Reason for G+ at least for me is not that anyone will ever see it but Google likes it and will post your image next to your profile listing in search results. Listing with a personal photo make for better marketing and conversion when the listing is seen.


markd61 wrote:
I heard a friend say that for every day he shoots he spends a day prospecting for new clients. I have tried to follow that advice but as Jeffries and Cinseski note it ain't like it was.

In particular I identify with Jeffries aversion to FB. My clients are not trolling FB for photographers. They expect to find them through referrals and web searches as a part of their day job.
FB is critical for portrait, wedding, baby and senior photographers not, IMO, commercial photographers. G+ may be a better place but again it seems to me a lot liked LinkedIn
...Show more



Aug 31, 2013 at 02:08 PM
cineski
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p.1 #13 · Leads for Commercial Photography


Another new post on the matter: http://marchesiphoto.com/blog/the-changing-photography-market-can-you-manage-a-meeting-with-an-ad-agency-or-a-magazine-in-new-york/

Maybe a poor taste euphemism, but it would be unwise to become a cancer doctor if a pill were devised that cured all cancer.



Sep 04, 2013 at 02:09 PM
Micky Bill
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p.1 #14 · Leads for Commercial Photography


cineski wrote:
There are a lot of photo agents and others on Facebook. What that exactly does I don't know. The photography industry is becoming desperate and it's showing by what people are willing to do to get work, even for established people. I just saw a photo of a goody package an established and well known photographer sent to a coordinator and I'm sure it cost a good amount and I'm sure they sent one out to many coordinators. It was a very large box full of stuff. It's really becoming insane. Check this out with the commercial industry:

http://www.aphotoeditor.com/2008/01/09/photographer-promo-cards/
http://www.aphotoeditor.com/2010/03/09/cool-photographer-promo-lands-serious-interest-from-clients/

There's more creatives
...Show more

Nope things aren't the same as they were, they never are.
Say that you have a budget of $3500 for promotion for the year. Instead of the old way of spending a couple bucks per prospect, today people of a certain level will spend $50 on 70 better prospects.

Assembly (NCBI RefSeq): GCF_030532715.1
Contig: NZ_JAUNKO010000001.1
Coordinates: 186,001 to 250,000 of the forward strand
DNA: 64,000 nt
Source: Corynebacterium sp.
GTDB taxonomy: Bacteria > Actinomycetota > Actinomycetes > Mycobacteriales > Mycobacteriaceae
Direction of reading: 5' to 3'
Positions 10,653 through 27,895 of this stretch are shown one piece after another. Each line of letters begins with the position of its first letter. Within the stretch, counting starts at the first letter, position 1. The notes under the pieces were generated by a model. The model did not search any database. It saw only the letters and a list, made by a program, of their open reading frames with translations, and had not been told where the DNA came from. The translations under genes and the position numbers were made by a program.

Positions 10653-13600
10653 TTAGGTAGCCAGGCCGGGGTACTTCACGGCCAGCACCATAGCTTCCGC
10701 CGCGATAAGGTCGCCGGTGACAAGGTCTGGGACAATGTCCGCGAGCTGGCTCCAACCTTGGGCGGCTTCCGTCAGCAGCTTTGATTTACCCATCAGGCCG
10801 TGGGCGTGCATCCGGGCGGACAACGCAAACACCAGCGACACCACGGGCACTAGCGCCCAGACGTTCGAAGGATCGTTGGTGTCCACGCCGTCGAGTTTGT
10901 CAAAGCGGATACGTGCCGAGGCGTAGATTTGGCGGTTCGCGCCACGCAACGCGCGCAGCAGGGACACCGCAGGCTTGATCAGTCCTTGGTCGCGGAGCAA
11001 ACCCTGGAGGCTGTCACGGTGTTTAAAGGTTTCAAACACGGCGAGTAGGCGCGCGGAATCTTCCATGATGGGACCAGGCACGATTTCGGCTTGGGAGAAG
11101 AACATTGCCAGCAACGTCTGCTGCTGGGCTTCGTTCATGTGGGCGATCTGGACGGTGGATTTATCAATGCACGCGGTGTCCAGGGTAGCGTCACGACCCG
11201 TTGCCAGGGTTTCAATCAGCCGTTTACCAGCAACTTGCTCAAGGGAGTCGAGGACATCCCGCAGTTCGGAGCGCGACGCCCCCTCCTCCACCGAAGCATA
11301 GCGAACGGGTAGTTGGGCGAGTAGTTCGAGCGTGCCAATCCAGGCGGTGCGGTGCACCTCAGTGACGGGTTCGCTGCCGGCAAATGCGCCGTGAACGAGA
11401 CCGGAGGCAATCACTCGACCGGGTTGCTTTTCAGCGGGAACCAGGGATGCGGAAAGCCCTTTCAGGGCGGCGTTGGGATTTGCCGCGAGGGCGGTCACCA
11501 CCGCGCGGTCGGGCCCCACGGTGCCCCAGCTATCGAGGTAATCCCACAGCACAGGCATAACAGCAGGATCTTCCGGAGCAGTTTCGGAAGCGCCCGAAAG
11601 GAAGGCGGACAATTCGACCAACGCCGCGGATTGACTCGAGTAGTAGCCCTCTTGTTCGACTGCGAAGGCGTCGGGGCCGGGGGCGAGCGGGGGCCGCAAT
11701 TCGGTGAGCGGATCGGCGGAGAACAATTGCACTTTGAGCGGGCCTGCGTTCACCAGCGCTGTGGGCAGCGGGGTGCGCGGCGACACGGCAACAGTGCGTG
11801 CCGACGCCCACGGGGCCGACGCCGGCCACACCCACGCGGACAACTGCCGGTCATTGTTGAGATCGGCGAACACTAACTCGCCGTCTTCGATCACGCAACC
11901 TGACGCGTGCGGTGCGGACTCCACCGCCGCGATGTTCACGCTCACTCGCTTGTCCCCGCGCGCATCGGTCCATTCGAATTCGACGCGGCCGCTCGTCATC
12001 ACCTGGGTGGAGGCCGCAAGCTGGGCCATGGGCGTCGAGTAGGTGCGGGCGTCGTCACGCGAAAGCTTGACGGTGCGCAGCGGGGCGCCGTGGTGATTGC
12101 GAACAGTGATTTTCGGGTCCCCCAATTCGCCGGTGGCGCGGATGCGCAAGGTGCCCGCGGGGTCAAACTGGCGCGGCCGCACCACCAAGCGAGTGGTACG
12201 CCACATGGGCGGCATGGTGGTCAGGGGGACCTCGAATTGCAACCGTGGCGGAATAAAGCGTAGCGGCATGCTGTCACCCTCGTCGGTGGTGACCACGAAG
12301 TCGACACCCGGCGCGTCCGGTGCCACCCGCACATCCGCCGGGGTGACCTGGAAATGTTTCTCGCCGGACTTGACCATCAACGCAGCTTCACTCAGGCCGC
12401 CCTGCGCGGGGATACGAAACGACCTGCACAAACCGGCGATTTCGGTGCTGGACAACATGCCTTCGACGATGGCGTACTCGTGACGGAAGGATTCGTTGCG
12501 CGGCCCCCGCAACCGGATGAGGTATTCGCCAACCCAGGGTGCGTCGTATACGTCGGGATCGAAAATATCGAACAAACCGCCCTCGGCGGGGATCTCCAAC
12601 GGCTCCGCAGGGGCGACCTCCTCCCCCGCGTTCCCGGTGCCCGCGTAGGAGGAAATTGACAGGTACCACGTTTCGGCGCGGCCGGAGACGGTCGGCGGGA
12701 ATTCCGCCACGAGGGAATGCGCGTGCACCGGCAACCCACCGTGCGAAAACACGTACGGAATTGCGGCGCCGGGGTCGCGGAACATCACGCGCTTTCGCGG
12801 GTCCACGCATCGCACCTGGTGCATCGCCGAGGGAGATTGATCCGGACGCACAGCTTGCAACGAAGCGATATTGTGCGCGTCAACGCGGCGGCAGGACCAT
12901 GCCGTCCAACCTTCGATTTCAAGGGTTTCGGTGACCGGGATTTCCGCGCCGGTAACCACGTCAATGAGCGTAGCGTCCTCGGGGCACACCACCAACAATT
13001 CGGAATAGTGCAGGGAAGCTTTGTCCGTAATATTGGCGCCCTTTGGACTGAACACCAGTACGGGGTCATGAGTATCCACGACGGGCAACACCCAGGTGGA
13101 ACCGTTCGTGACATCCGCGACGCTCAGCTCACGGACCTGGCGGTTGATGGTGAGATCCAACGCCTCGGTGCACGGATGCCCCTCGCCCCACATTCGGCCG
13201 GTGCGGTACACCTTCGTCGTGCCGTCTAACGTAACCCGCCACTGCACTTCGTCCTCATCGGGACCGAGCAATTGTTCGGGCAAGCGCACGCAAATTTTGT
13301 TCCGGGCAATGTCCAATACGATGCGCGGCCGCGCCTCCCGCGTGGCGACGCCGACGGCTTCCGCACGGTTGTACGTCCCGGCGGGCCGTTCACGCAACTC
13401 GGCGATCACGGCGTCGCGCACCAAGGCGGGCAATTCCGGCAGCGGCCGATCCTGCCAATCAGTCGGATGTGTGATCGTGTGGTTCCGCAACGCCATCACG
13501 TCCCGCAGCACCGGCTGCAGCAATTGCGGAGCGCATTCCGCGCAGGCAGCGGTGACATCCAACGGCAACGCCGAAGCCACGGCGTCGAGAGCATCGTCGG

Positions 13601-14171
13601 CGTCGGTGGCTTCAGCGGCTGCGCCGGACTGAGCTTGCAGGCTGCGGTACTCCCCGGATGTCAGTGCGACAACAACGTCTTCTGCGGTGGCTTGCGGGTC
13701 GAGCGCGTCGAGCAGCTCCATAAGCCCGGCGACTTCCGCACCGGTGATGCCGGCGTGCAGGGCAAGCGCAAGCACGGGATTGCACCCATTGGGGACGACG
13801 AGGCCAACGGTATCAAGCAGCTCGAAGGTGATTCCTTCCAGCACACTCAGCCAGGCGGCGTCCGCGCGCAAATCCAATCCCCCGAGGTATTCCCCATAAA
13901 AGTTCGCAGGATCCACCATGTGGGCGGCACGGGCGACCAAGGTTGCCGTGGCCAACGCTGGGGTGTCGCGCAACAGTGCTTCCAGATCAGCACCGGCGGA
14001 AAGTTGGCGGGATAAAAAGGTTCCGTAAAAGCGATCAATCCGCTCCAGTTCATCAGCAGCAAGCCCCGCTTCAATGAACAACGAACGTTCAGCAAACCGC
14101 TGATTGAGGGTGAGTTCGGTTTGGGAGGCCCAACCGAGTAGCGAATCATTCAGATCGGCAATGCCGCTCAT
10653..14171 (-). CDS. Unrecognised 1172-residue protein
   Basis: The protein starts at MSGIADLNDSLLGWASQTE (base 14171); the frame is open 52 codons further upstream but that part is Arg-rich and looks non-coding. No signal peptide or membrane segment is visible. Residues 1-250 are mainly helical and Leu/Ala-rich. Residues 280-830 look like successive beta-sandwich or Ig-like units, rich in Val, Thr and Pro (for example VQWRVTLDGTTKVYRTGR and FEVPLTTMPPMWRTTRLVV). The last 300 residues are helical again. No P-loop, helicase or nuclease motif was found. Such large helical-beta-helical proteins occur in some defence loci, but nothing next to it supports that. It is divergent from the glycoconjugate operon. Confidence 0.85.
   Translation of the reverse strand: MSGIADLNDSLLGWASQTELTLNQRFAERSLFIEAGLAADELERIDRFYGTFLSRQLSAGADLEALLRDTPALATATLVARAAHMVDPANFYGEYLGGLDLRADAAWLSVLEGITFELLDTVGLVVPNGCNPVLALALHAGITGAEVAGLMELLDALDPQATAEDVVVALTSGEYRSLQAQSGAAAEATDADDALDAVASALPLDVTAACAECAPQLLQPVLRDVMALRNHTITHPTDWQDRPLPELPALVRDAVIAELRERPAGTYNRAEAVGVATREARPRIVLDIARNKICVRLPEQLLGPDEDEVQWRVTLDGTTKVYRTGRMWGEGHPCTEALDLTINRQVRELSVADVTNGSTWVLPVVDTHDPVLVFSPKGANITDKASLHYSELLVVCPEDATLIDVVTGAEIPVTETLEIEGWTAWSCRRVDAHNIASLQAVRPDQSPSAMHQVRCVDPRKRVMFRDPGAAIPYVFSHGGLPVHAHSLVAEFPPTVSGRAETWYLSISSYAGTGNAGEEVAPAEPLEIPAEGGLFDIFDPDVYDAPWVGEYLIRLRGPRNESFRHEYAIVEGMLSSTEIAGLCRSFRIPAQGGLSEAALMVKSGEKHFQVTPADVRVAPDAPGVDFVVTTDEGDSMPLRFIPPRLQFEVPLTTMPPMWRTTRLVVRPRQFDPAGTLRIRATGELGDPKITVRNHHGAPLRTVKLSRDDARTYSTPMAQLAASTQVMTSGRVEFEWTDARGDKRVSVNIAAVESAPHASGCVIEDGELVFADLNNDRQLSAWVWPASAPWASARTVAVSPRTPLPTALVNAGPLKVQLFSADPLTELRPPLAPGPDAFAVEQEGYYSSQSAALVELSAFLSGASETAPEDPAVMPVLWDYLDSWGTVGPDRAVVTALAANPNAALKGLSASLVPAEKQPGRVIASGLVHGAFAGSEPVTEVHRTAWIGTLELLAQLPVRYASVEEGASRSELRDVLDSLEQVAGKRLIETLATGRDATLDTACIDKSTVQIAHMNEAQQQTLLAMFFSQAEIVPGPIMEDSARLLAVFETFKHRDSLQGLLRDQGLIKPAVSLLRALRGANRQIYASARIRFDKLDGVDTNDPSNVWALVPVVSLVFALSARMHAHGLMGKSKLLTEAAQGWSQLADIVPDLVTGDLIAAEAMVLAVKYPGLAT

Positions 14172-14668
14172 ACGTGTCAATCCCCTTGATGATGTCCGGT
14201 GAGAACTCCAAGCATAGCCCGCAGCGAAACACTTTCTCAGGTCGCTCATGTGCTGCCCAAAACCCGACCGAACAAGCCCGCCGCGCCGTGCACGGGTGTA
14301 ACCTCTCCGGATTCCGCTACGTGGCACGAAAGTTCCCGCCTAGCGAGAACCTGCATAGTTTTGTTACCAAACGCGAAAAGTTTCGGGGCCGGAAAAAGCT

Sep 05, 2013 at 06:43 AM
JoshI
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p.1 #15 · Leads for Commercial Photography


It's still about those personal connections in the commercial business, but a good website and social media presence certainly won't hurt. Just remember that social media isn't about making the sale, it's about building credibility and encouraging potential clients towards your conventional conversion process.

Josh



Sep 09, 2013 at 07:12 PM
Deezie
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p.1 #16 · Leads for Commercial Photography


A good agent with strong relationships is still your best bet.


Sep 10, 2013 at 02:09 PM
markd61
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p.1 #17 · Leads for Commercial Photography


Deezie wrote:
A good agent with strong relationships is still your best bet.


I am not sure an agent is really available for someone in smaller markets or with a short track record. I believe the bulk of commercial photographers do not have agents.



Sep 10, 2013 at 06:10 PM
Micky Bill
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p.1 #18 · Leads for Commercial Photography


Deezie wrote:
A good agent with strong relationships is still your best bet.



In most cases a good agent won;t take on a photographer who isn;t already doing very well, unless they see great potential in them ($$$$$$$)



Sep 12, 2013 at 01:32 AM